Facts: In Ancient Egypt, a shaved head was worn by young adults before they came of age, they would leave a small curl in the side of their head, named ’Lock of Youth’, to symbolise their age.

COMPREHENSION QUIZZES 

Interactive Video Comprehension Quiz 1


Summary Statements Comprehension Quiz 2

Drag and Drop Quiz 3

GRAMMAR PRACTICE:  RELATIVE PRONOUNS

Relative pronouns are used to link one clause to another by reference to a name that appears in the first one. To make this reference, we use Who, Whom, Whose, Which and That.

Which and That are used to express something about things, and Who and Whom are used for people, and Whose is to express possession.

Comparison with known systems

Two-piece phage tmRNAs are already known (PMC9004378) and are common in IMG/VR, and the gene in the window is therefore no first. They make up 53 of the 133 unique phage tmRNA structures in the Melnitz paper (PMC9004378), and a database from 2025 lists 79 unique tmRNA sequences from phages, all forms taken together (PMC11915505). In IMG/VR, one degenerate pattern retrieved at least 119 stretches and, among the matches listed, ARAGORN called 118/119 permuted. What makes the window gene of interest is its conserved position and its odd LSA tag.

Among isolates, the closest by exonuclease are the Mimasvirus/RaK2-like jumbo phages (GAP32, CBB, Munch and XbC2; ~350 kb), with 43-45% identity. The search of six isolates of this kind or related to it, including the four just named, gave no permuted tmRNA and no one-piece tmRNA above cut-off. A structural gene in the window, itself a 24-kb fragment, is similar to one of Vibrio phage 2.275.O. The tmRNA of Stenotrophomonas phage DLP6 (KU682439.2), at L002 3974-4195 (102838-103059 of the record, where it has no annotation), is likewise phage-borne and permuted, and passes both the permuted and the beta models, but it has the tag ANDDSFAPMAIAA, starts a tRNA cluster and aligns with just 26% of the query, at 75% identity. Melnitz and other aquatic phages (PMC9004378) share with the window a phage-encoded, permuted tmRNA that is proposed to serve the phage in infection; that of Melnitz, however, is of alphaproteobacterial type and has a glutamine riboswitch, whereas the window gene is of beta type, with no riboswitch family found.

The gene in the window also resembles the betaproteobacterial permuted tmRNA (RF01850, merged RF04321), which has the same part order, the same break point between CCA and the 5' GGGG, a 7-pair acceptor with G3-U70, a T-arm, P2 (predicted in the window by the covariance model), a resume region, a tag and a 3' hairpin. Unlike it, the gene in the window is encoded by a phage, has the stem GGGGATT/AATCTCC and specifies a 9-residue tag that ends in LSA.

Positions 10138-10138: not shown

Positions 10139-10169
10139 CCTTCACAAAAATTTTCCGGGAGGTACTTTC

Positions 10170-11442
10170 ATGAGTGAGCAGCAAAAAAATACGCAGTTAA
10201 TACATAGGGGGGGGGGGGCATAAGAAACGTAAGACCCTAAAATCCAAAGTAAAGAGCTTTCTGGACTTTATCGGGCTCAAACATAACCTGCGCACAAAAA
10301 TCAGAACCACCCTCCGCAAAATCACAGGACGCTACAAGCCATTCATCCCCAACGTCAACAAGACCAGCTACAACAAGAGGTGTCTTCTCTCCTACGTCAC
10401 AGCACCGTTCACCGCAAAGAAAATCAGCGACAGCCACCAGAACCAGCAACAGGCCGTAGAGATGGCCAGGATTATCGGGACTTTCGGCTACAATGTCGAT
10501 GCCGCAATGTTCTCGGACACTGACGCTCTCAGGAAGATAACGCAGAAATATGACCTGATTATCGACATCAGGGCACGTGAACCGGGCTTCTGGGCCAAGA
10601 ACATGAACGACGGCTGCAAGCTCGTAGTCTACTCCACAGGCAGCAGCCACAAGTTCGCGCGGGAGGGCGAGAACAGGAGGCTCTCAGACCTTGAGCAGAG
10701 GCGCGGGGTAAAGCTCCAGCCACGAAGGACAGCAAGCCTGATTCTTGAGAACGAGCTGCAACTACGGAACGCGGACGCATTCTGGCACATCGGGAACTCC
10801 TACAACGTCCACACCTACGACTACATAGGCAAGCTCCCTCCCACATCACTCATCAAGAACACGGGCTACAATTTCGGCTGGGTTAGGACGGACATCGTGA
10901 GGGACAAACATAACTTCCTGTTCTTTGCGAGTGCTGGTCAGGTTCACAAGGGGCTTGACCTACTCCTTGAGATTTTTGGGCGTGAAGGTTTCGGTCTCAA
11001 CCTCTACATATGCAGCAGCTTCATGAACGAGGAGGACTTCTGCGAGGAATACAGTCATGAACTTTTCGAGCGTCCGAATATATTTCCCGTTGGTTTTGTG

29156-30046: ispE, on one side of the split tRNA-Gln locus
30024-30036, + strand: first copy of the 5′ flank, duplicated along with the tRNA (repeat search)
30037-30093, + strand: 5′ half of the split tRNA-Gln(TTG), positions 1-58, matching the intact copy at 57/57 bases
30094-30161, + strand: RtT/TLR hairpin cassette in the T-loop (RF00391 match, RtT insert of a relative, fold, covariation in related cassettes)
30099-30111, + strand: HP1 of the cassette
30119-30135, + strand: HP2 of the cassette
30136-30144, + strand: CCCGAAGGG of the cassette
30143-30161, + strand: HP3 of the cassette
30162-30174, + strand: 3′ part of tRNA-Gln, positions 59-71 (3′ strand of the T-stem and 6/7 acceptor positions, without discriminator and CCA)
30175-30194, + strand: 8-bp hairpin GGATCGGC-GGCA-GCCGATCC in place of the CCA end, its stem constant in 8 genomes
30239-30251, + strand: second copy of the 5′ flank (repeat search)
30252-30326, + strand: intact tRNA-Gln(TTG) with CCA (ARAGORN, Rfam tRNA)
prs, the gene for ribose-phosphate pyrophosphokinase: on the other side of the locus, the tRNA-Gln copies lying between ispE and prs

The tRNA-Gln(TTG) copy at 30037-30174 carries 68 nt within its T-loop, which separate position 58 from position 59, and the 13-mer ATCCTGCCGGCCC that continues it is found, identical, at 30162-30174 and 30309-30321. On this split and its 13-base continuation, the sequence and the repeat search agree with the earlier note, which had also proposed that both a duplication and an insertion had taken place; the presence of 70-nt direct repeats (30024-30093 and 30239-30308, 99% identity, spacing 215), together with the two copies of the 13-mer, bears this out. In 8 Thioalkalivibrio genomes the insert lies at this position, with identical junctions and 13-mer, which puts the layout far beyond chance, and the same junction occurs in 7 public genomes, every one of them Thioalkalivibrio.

Look this sentence, we have two clauses that linked:

She will choose the colour which looks good on everyone.

In this sentence, whoever is the subject of the verb and is relating two clauses between someone who is complaining and the frequency of their complains:

She is complaining to whoever she comes across nowadays.

That is linking the two subjects of the sentences:

There is a car in the parking lot that someone has painted a bright pink.

 

Who in this sentence is the person, and also is liking two clauses:

She needs to know by tomorrow who will be accompanying her on the trip.

 

Whose is used in this sentence to ask if someone has possession of something because the speaker needs it:

Is there anyone here whose mobile phone has a signal?

Clues and tips

Remember: the personal pronouns:

Who/whom y that are for people.

Which o that for things.

When for time.

Where for place.